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This is My Life

This is My Life

by Phil Boulding

Originally published in Guild of American Luthiers Quarterly 6, #2, 1978

I have been building instruments for nearly seven years now, starting in the basement of my parents house in Boulder, Colorado, fresh out of high school, building guitars. I had only the aid of Sloane’s book, a spare-time guitar maker friend, and the experience of working with a cabinet maker for a while. Things were very slow for the first 2 years, until I got introduced to dulcimers — especially the hammered dulcimer. As soon as I started building and playing these, (it didn’t take me long to learn, as I have been playing most of my life) what appeared to be a hobby turned into a livelihood, which took another year to get on its own feet. That’s when I moved to Seattle (November ‘74) and as far as I know, I was the first hammered dulcimer builder here. Since then this heart-warming little instrument has blossomed and flourished in this city, mostly thanks to street players in the Market and Pioneer Square.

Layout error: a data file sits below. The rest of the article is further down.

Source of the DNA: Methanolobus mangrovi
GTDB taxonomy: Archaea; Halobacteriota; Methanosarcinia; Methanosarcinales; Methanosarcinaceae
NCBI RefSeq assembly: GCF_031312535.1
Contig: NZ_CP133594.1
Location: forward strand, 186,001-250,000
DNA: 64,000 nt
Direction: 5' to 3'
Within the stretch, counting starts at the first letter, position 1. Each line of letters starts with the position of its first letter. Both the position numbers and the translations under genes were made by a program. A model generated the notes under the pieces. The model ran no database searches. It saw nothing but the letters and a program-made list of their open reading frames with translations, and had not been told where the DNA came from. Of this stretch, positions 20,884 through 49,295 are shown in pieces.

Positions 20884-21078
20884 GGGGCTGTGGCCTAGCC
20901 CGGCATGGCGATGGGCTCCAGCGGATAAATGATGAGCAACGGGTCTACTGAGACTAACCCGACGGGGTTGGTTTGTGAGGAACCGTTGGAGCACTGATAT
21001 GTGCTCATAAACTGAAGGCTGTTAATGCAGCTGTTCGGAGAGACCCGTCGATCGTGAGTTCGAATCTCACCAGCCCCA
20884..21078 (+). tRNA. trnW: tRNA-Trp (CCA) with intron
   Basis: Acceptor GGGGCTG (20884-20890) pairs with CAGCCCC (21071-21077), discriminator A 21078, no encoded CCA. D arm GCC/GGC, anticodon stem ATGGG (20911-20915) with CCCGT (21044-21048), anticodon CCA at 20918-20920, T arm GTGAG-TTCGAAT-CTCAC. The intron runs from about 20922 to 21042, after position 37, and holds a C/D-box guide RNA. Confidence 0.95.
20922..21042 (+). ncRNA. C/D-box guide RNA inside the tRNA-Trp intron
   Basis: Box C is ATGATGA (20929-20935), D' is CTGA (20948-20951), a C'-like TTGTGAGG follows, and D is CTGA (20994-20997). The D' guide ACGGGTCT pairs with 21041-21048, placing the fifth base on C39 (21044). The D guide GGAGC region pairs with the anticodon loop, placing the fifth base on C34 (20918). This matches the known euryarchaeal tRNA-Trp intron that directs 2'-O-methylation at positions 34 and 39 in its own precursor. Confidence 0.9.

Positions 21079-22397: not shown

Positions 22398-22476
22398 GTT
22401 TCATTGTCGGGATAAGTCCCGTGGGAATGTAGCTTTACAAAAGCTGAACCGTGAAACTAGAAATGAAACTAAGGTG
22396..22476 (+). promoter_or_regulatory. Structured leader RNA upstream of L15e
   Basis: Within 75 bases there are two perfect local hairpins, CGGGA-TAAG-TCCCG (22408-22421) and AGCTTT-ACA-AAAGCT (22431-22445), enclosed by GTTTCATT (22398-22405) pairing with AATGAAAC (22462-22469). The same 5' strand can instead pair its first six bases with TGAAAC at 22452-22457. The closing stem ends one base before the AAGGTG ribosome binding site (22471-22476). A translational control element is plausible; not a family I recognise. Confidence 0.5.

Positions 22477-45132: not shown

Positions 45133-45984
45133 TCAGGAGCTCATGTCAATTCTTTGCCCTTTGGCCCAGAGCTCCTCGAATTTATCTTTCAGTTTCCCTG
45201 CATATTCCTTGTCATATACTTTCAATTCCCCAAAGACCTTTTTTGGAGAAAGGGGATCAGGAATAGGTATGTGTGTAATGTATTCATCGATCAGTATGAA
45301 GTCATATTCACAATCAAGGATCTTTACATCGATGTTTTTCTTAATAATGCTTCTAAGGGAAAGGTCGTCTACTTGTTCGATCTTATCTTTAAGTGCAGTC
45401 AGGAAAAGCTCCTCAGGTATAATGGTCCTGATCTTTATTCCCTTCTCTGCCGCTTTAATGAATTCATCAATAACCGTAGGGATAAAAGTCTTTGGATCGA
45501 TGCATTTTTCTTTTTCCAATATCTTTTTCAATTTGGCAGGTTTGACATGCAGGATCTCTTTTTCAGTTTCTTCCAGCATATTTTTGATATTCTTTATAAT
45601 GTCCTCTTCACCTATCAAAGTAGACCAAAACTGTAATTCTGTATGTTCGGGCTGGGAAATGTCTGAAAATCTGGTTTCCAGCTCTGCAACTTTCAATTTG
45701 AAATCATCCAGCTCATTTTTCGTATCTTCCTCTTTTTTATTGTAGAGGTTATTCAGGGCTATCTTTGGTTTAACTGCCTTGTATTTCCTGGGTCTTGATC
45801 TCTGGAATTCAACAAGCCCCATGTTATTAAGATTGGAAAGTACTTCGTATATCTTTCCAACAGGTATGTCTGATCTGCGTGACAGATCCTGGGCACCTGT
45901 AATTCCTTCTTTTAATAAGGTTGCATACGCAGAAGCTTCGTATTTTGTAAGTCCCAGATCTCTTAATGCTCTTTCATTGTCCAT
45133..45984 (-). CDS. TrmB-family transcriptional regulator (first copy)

Then about 1 1/2 years ago, a secret and long submerged inspiration began to surface — my love for the harp. I began taking lessons then, and shortly thereafter began building small 3-octave harps of various designs and styles. Only just last week did I finally graduate to my first large Irish Minstrel Harp, nearly 5 octaves worth, with an exquisite sound. I used my imagination to figure out how to extend the soundboard like they do in some of the larger concert harps. The rest of it is pretty much patterned after the minstrel harp in Gilds Jaffrenou’s book, Folk Harps. Pictured in my first attempt as a Romanian Cymbalom (a successful one at that!) which I designed and build in collaboration with Ian Mihai, a master of the concert cymbalom from Romania who came with 2 others to teach their music at the University of Washington here. Since I have very little connection with the University, I was very fortunate to be introduced by a student-friend. The concert cymbalom is what I would consider to be the ultimate hammered dulcimer — nearly 5 octaves in range, fully chromatic, with a very unusual arrangement of half-steps. It also features a damper mechanism, a necessity for the Romanian style music, on such a loud and ringing instrument. My instrument was scaled down approximately 3/4 size, ranging 3 1/2 octaves; patterned after the concert cymbalom temporarily in use at the university. A magical-majestic sound, the music of which I am still a novice. I am more in command of the traditional Irish music on the diatonic hammered dulcimer (along with some contemporary arrangements).

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